Transplantation of brown adipose tissue (BAT) from donor animals appeared to reduce weight gain in leptin-deficient Ob/Ob mice, presumably by enhancing the activity of endogenous brown fat, researchers reported.
In a series of studies in obesity and predisposed transgenic mice, BAT transplantation led to significant reductions in weight gain and decreased total body fat, lead researcherWanzhu Jin, PhD, of the Chinese Academy of Sciences, and colleagues, wrote in the journal Endocrinology.
“The results of the current study show that transplantation of BAT reduced adiposity and improved glucose homeostasis in the Ob/Ob mouse by significantly increasing energy expenditure,” the researchers wrote. “These beneficial effects were most likely mediated by the enhancement of endogenous BAT activity. These results may open new avenues to develop a novel treatment option to target obesity and its related diseases such as diabetes.”
BAT Transplant Mice Had Less Body Fat
Leptin deficient Ob/Ob mice, which are widely used for the study of obesity-induced diabetes, have a lower metabolic rate and hypothermia due to a defect in BAT function, the researchers wrote.
To determine whether BAT transplantation could reverse these traits, they transplanted brown fat from 6 week old C57B/L6 mice into the dorsal subcutaneous region of age and sex matched Ob/Ob mice.
The BAT transplantation mice were found to gain less weight than sham-operated control Ob/Ob mice and this difference was seen as early as 3 weeks after transplantation (47.8 ±2.2 g vs. 50.6±3.1 g, P<0.03). This trend persisted through 12 weeks post transplantation.
When the researchers measured body composition using computerized tomography, they found an 11% decrease in total body fat percentage in the BAT transplant mice compared with the control mice.
“Compared with control mice, there was a significant reduction of adipocyte size in subcutaneous fat but not in epididymal fat after BAT transplantation,” the researchers wrote.
There was no change in circulating IL-6 levels or IL-6 mRNA in epididymal fat, however, suggesting that BAT transplantation disrupted adipose tissue hypertrophy without altering inflammation.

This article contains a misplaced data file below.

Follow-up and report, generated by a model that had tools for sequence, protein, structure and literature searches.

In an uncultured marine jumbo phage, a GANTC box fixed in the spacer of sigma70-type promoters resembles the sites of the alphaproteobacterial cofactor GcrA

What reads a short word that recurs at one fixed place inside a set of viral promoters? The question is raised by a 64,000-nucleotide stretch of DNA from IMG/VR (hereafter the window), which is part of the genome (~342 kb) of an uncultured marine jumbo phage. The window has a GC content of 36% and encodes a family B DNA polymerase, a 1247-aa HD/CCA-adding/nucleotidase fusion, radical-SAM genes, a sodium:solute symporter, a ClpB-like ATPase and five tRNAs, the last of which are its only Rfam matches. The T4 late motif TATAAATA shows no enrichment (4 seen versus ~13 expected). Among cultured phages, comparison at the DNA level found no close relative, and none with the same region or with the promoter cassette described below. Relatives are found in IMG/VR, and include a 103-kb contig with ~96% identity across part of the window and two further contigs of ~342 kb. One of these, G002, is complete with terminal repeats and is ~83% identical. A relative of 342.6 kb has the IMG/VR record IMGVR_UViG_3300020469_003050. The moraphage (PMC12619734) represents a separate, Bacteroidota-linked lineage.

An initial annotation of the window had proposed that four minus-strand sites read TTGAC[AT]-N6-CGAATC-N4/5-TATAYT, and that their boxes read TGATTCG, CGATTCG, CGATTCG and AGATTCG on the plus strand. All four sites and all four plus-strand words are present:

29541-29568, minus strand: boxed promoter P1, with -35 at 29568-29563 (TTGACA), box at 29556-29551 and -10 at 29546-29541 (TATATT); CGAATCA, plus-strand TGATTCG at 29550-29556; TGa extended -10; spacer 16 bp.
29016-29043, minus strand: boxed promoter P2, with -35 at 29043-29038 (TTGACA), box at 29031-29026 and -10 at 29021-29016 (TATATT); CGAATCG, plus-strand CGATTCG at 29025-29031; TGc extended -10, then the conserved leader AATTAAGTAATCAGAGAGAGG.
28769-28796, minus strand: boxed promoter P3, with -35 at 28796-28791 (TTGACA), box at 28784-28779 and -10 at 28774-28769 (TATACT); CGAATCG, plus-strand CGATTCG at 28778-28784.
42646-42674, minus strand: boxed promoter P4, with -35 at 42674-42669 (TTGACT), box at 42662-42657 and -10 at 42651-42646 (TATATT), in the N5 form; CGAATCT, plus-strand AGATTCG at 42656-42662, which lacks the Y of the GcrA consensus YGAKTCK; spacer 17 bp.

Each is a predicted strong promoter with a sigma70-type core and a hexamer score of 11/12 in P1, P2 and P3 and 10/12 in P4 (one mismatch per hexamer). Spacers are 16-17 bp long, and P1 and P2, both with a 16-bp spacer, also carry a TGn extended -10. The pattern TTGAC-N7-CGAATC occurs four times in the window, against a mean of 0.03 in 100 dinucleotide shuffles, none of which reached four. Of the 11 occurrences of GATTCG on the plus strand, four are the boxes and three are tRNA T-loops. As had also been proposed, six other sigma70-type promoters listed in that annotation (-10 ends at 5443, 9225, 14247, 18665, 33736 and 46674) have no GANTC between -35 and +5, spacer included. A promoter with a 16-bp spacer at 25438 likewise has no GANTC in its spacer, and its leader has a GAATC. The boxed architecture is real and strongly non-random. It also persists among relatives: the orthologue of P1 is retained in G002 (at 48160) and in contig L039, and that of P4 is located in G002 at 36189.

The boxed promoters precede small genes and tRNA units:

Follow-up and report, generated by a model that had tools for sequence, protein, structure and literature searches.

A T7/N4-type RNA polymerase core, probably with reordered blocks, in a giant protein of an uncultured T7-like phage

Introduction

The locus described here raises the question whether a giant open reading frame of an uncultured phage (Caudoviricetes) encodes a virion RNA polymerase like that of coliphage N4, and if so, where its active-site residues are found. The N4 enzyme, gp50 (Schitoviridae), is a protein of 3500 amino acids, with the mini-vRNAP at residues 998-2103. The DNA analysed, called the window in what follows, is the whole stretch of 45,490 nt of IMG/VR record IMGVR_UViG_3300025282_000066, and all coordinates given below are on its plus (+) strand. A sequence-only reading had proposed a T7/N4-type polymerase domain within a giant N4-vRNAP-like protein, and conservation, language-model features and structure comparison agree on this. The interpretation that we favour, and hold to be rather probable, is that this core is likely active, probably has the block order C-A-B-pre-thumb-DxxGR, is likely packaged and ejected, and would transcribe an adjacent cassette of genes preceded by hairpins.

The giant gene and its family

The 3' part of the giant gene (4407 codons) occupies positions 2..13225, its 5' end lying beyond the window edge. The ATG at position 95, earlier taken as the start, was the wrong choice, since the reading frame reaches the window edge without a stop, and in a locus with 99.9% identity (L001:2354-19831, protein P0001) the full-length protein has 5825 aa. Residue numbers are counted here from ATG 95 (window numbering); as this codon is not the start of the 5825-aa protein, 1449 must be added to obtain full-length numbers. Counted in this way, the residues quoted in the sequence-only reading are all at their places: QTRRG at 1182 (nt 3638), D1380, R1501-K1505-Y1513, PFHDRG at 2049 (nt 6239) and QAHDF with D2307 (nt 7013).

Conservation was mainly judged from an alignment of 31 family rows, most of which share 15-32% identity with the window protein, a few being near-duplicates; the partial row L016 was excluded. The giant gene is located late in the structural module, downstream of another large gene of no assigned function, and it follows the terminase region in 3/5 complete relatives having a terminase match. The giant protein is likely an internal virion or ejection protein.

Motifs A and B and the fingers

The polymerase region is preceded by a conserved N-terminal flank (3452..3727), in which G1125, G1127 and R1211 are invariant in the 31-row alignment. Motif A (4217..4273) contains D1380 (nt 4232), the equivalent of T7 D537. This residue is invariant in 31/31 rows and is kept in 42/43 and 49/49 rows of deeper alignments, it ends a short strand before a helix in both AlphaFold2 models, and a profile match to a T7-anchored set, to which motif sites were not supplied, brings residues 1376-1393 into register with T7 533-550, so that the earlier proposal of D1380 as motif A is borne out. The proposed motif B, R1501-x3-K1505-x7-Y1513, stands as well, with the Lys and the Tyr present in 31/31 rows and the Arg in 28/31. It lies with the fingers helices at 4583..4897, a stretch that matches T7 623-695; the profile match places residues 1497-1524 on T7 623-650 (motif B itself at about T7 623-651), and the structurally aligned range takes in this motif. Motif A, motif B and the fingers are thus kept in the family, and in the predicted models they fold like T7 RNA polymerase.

BAT transplantation was also found to reverse hepatic steatosis, improve insulin sensitivity, and increase energy expenditures.
BAT transplantation into streptozotocin (STZ) induced type 1 diabetic mice resulted in complete reversal of most diabetic symptoms without exogenous insulin treatment and it reversed diet-induced obesity in another mouse model.
Adiponectin May Activate Endogenous BAT
In a series of experiments, the researchers showed that transplantation also enhanced the activity of endogenous BAT.
“Serum adiponectin levels and beta 3 adrenergic receptor expression levels in both subcutaneous and epididymal fat were significantly increased after BAT transplantation,” Jin and colleagues wrote. “Increase of plasma adiponectin after BAT transplantation might enhance activity of endogenous BAT to consume more triglyceride as consistent with previous reports.”
The findings suggest that activation of endogenous BAT, and not transplanted BAT, was primarily responsible for the improved metabolic profile seen in the transplanted mice, the researchers noted.
No difference in energy intake and no change in circulating leptin levels were detected following BAT transplantation, suggesting that the improved metabolic profile was not due to circulating leptin alone.
“Increasing evidence suggests that BAT might serve as a secretory organ,” the researchers wrote. “Similar to white adipose tissue, BAT could synthesize and secrete numerous hormones, such as FGF21, to regulate the whole body energy metabolism.”
The BAT transplant mice in the study showed significant reductions in circulating FGF21. In addition, circulating IL-6 was not altered following BAT transplantation, suggesting that additional inflammatory factors or other factors might be involved in energy metabolism, the researchers noted.
The finding that BAT transplantation reversed diabetes in type 1 and diet-induced obesity mouse models suggest that BAT secretes adipokines that work through insulin-independent pathways.
“As an endocrine organ, BAT could serve as a fascinating new potential therapeutic target for obesity and its related diseases,” the researchers wrote … “In the present study, we demonstrated that BAT transplantation ameliorated the body weight and body fat gain in Ob/Ob mice. This is the first study showing that BAT transplantation enhances the activity of endogenous BAT, eventually leading to the improvement of whole body energy metabolism and glucose homeostasis.”
Fecal microbiota transplantation (FMT) also known as a stool transplant is the process of transplantation of fecal bacteria from a healthy individual into a recipient. It has been proven to be a highly effective treatment for patients suffering from Clostridium difficile infection (CDI), which produces effects ranging from diarrhea to pseudomembranous colitis.